Purpose: Episiotomy is one of the most commonly performed procedures among women of childbearing age in the United States. In 2005, a major systematic review conducted by Hartmann and colleagues recommended against routine use of episiotomy and was widely covered in the media. We assessed the impact of the Hartman et al. study on episiotomy trend. Methods: Based on 100 % hospital discharge data from eight states in 2003-2008, we used interrupted time series regression models to estimate the impact of the Hartman et al. review on episiotomy rates. We used mixed-effects regression models to assess whether interhospital variation was reduced over time. Results: After controlling for underlying trend, episiotomy rates dropped by 1.4 percentage points after Hartman et al. publication (p < 0.01 for spontaneous delivery; p < 0.1 for operative delivery). The publication has smaller effect on government hospitals as compared to private hospitals. Mixed effects models estimated negative correlation between cross-time and cross-hospital variations in episiotomy rates, indicating reduced cross-hospital variation over time. Conclusions: Our results suggested that there has been a gradual decline in episiotomy rates over the period 2003-2008, and that synthesis of evidence showing harms from routine episiotomy had limited impact on practice patterns in the case of episiotomy. The experience of episiotomy illustrates the challenge of using comparative effectiveness and evidenced-based medicine to reduce use of unnecessary procedures.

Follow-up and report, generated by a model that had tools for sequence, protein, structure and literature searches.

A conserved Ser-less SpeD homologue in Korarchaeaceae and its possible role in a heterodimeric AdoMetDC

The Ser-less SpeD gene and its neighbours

- Interrupted time series regression models
- Practice pattern
ASJC Scopus subject areas
- Obstetrics and Gynecology